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Discussion on: Using arrow functions in object methods

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link2twenty profile image
Andrew Bone • Edited

It is possible but I don't know what you would gain by doing it.

class Dog {
  constructor(name, bread) {
    this.name = name;
    this.bread = bread;
    // functions
    this.bark = () => {
      return `Bark Bark! My name is ${this.name}`;
    }
  }
}
const mini = new Dog('Mini', 'Spitz');
mini.bark();

In the constructor, I am making a variable, which can be called on an instance thanks to the this keyword, and I'm assigning a function to it.

May I ask why you're asking? 🙂

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kayut profile image
Kayut Author

Thanks.
I see that in your example the bark() method is added to the object itself but not to its prototype.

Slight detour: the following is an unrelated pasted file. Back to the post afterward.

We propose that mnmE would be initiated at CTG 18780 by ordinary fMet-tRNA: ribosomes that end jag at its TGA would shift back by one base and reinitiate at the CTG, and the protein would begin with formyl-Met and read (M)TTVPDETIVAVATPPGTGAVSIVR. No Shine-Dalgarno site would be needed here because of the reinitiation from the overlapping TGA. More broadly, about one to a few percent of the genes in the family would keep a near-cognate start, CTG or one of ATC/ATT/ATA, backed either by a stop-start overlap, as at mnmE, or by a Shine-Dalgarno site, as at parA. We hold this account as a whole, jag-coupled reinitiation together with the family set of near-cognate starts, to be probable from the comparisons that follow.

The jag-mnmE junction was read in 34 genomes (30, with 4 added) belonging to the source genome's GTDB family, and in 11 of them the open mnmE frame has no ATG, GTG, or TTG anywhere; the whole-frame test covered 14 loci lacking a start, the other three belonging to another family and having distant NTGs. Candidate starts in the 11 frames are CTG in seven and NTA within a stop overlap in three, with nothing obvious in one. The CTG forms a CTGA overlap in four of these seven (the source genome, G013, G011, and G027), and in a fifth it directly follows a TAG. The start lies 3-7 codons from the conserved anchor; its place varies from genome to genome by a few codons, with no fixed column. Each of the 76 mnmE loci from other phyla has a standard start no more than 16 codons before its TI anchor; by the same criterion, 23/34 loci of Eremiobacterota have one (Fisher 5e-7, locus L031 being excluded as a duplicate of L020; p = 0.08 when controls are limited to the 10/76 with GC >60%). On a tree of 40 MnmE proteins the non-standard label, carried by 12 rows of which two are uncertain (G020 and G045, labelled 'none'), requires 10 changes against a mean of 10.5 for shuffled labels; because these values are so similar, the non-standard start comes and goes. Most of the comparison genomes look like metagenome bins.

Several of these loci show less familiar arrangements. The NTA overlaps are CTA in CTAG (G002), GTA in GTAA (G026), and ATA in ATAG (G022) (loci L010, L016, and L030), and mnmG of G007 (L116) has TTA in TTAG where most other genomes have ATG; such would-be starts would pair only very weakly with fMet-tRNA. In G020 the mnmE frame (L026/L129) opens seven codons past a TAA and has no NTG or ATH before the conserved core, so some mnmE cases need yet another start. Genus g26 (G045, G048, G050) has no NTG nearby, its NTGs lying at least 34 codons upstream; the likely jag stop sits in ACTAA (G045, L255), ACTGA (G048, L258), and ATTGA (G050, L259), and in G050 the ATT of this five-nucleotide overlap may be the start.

Would it be possible to add the bark() method to the Dog.prototype using the class syntax?

But actually the background of my question is that I'm learning React and write now I'm a bit confused.

As we know, we shouldn't use arrow functions to define an object method.

This one works:

const person = {
  points: 23,
  score() {
    return this.points++; // this keyword refers to person object
  }
};

person.score();

But this one doesn't work:

const person = {
  points: 23,
  score: () => {    // using arrow function to define score method
    return this.points++; // this keyword refers to window object
  }
};

person.score();

So far so good. But what about ES6 Classes? Is the above statement also true for ES6 Classes?

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link2twenty profile image
Andrew Bone

An arrow function is, basically, a replacement for the function keyword. There is a bit more nuance to it but that's the basic rule.

If you weren't using function before you don't need to use it now.

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lisaveras profile image
LV 🏳️‍🌈

The primary use of an arrow function is to bind the context so that "this" becomes lexical and not determined at run time. This is super helpful when writing React!

Though I will admit that arrow functions are quite snazzy looking and using it just because it looks better is totally valid.